Language and literacy acquisition – conclusion

The acquisition of language and its development is affected by the linguistic interactions in the environment and their quality. Bilingualism and second language acquisition may thus be perceived to obscure the quality of the interactions thus affect the language development. Similarly the advancement that certain aspects of language are better learned at critical developmental periods, may mean that encountering a second language after these periods could curtail development of proficiency. This paper was thus aimed to evaluate how bilingualism and second language acquisition impacts on language development. Two areas of such effects were discussed in the paper; the impact on childhood literacy and whether critical periods hypothesis (CHP) holds.

Bilingualism has been shown to affect a number of language development aspects. Most of these being in respect to vocabulary. By affecting such aspects, bilingualism curtails proficiency in the second language (most often the language of instruction) thus may adversely affect a child’s learning outcomes. Since children must be adequately skilled in the language of instruction to better their learning outcomes, schools should provide a means through which bilingual children can build their proficiency in the instructional language to participate fully in the class thus reap maximal benefits from the classroom experience.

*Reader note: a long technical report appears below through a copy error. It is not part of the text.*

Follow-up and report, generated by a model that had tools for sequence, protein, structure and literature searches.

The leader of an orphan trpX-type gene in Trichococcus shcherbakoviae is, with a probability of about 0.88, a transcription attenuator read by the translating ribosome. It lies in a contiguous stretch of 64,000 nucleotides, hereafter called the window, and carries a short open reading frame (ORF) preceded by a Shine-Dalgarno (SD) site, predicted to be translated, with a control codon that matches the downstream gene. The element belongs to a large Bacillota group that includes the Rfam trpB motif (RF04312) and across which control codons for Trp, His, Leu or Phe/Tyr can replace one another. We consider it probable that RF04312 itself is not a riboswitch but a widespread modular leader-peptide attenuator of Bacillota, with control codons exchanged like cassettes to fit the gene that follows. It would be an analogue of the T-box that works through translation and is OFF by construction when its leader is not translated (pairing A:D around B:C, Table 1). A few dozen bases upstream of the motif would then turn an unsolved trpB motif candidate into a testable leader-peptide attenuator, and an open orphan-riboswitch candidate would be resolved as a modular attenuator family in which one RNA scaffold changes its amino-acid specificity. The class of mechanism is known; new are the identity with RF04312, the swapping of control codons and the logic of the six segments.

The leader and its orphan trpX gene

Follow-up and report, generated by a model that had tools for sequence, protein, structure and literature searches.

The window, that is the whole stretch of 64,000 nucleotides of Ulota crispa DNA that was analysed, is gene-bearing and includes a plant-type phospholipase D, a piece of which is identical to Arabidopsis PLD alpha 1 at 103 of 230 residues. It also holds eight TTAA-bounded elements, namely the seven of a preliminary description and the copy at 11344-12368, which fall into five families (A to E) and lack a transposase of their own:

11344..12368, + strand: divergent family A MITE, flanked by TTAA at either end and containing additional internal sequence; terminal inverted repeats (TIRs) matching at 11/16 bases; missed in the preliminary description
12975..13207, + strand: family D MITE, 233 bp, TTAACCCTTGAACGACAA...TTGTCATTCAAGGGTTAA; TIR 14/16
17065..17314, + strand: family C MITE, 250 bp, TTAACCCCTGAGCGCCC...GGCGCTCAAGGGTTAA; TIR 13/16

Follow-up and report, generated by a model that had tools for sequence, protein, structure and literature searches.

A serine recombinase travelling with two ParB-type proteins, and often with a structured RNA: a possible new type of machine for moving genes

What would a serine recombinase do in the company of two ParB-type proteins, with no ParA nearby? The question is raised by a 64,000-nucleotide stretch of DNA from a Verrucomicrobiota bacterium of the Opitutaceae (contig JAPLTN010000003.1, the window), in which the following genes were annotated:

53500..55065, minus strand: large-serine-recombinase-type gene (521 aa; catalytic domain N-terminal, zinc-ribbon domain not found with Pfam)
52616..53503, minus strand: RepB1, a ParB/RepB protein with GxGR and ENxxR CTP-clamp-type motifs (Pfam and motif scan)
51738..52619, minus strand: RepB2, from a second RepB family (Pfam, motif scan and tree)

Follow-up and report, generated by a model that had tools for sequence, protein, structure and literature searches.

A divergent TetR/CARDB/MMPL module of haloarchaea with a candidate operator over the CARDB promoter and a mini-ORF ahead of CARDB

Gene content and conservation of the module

With regard to the CHP hypothesis, adult native proficiency in a second language may not be entirely limited to encounter with the language at defined critical periods. Other variables such as the desire to be perceived as natives and opportunities accorded to such adults may influence progression towards native proficiency in a language. The similarity and differences in the two languages and the frequency of using the second language may be more significant of native proficiency attainment than age per se.


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